...because home doesn't happen overnight.
A quick update on the bathroom…
We have two walls of subway tile! Tiling the uneven window wall was difficult. Tiling the smoother wall on the left was like tying a shoe in comparison. Steve knocked it out in one evening.
Look at those perfectly wrapped corner tiles. Reason #99 you should marry an engineer.
In case you’re just now tuning in (or maybe you didn’t even know we had a second bathroom because we’ve shunned it for the last two years), this is the main bathroom in the house. A freestanding shower / tub will eventually live right in front of the back wall. We’re taking the tile to the ceiling around the shower / tub and the rest of the room will have tiled wainscoting. After much debate (I wanted tile. Steve wanted baseboards.) we’re installing the same chunky baseboards in here as the rest of the house. That’s why you see a gap at the bottom of the walls between the wall tile and floor tile.
As the shell of the room started to take shape, I got to thinking about how we would trim out the wainscoting and shower walls.
I don’t even remember doing it but I selected this curvy tile to act as molding atop the tiled wainscoting. I don’t know what I was thinking. Oh, wait, I was pregnant. I probably wasn’t thinking. Maybe I was thinking about lunch. Maybe I was thinking about a nap. Most likely, I was contemplating how I could eat lunch and nap at the same time.
But I digress.
There’s nothing wrong with the tile itself but when you butt it up against the skinny modern subway tiles it looks strange. The profile is all wrong. And Steve and I were confused about where exactly to install it. Just along the wainscoting? Up the side of the shower walls? It would look weird if we ran it along the top of the wainscoting and dead-ended it at the shower. And it would look just as weird to have a mitered inside corner at the shower wall and continue the molding up the edge of the shower only to dead-end at the ceiling. We were at a loss.
That’s when an image of black pencil liner popped into my head. It was similar to this. I tried explaining my vision to Steve but he wasn’t catching on. (This happens a lot.) It was decided that I would head to The Tile Shop the next morning to scope out some options to help Steve better grasp my idea.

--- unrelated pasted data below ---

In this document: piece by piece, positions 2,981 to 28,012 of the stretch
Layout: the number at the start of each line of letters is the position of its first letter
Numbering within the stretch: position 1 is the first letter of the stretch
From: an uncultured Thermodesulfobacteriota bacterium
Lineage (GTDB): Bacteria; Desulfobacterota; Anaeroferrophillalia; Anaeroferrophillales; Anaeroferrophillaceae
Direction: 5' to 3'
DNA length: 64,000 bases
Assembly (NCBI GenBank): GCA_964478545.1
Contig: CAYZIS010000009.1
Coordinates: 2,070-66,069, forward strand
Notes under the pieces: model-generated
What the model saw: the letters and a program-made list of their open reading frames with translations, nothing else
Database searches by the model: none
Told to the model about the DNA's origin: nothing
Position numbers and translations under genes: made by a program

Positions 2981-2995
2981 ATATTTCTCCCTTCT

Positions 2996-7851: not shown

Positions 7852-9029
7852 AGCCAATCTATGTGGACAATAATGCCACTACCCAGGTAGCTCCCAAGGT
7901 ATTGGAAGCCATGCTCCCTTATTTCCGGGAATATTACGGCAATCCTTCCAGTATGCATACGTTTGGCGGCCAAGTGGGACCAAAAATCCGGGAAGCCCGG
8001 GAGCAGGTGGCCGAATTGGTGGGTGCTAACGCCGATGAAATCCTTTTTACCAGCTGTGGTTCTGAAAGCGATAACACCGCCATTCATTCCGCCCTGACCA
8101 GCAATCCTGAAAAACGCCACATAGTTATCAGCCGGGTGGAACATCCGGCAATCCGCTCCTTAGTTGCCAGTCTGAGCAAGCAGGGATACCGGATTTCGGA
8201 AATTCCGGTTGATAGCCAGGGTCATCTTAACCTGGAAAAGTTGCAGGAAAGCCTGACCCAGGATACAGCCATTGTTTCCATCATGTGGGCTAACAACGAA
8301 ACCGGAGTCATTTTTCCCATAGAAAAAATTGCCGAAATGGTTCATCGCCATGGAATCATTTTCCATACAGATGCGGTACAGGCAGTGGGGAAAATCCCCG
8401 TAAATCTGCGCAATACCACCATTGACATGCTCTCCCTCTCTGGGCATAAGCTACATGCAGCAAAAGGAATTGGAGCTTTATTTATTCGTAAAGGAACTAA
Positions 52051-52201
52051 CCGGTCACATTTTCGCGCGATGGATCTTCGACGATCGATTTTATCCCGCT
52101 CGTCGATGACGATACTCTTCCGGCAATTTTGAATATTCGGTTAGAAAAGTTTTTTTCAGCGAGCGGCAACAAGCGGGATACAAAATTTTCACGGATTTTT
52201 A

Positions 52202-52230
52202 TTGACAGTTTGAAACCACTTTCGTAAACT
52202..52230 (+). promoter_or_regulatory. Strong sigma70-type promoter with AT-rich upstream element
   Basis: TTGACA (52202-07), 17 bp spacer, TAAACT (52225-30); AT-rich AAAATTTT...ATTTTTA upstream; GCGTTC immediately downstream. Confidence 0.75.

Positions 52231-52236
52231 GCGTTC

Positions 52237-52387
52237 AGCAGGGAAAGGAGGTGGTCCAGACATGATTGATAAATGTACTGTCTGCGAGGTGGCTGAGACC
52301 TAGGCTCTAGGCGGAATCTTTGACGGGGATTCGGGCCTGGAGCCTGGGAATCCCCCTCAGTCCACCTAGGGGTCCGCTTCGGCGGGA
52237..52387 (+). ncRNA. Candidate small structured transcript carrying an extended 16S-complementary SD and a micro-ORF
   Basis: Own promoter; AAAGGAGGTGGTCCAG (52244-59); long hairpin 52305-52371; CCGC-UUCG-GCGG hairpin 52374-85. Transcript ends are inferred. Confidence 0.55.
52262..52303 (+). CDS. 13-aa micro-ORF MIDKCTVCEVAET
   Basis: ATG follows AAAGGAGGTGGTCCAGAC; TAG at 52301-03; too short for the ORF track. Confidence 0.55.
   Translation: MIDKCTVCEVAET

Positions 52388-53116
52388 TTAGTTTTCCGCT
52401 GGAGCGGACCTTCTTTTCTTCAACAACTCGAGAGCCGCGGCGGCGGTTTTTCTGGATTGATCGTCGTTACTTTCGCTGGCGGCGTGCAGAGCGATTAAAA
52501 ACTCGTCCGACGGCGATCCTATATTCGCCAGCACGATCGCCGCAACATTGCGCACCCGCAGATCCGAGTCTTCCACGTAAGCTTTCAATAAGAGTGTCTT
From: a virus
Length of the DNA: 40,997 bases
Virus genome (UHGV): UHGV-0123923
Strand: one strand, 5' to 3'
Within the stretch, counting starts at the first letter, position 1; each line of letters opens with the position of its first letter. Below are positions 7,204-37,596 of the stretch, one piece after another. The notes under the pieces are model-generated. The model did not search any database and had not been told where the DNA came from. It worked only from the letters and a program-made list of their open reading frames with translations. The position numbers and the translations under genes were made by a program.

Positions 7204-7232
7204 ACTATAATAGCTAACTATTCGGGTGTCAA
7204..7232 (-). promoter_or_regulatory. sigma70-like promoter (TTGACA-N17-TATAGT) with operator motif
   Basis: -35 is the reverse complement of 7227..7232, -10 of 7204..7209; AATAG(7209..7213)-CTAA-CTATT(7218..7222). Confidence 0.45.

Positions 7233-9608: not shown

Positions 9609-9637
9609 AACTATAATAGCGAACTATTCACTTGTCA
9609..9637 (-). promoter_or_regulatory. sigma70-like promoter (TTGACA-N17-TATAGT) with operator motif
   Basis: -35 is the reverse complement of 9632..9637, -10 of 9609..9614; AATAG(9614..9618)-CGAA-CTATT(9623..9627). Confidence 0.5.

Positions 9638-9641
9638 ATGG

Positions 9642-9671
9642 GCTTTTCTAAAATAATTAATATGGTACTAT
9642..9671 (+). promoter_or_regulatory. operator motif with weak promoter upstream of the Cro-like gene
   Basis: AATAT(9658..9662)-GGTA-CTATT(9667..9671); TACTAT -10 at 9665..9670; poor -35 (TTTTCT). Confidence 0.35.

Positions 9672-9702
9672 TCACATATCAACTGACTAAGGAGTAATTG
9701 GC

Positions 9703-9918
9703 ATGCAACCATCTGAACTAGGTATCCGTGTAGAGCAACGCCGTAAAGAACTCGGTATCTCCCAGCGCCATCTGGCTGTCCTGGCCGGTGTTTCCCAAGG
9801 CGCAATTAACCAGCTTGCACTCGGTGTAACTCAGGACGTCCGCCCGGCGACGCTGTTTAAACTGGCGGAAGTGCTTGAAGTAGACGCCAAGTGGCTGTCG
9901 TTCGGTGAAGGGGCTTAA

I wasn’t there five minutes before I found exactly what I wanted. Which was a good thing because my kids were play fighting in slow motion and everyone was staring. I quickly snapped a picture of the simpler design I had in mind and sent it to Steve. “Gorgeous” was the reply back. We had a winner.
I bought the imperial bianco bullnose to match the subway tile and the noir honed somerset to tie in to the floor tile. We’ll run both along the wainscoting and shower. The end result will be similar to the last photo seen in this bathroom renovation post. The pencil liner is a little thicker than the subway and bullnose tiles but I think the difference in profile will be a nice finishing touch. I love that the single black stripe will pick up on the hex floor. And you know how I feel about stripes in general! The liner is also a subtle nod to the bathroom’s midcentury roots. Many ’50′s bathrooms boasted contrasting pencil liner. This is my attempt to bring it back in a modern way. What do you think?
Can’t wait to share more progress as we make it!
images: Dana Miller for House*Tweaking
Things are moving right along in the boys’ bedroom.
Currently, this lil’ corner of their room is a new family favorite. Layne requested the reading chair. I added a vintage ottoman and dresser (off to the side) for added comfort and storage, respectively. With the major furniture pieces in place, I’ve turned my attention to accessories and art. Ever since Apartment Therapy featured this home tour, I’ve been itching to DIY some bullseye art and this corner seemed like the perfect place for it.
With the help of Glidden® paint, I was able to pull it off. Here’s what I did:
1 – I used a square canvas (found in my attic) and two quarts of Glidden paint in blue-grey and fire engine red. First, I painted the entire canvas a warm white that I already had on had. This step is the secret to achieving nice smooth curves in the final product so don’t skip it! (You can easily touch up stray brushstrokes with the white paint later on.) I let the white paint dry completely.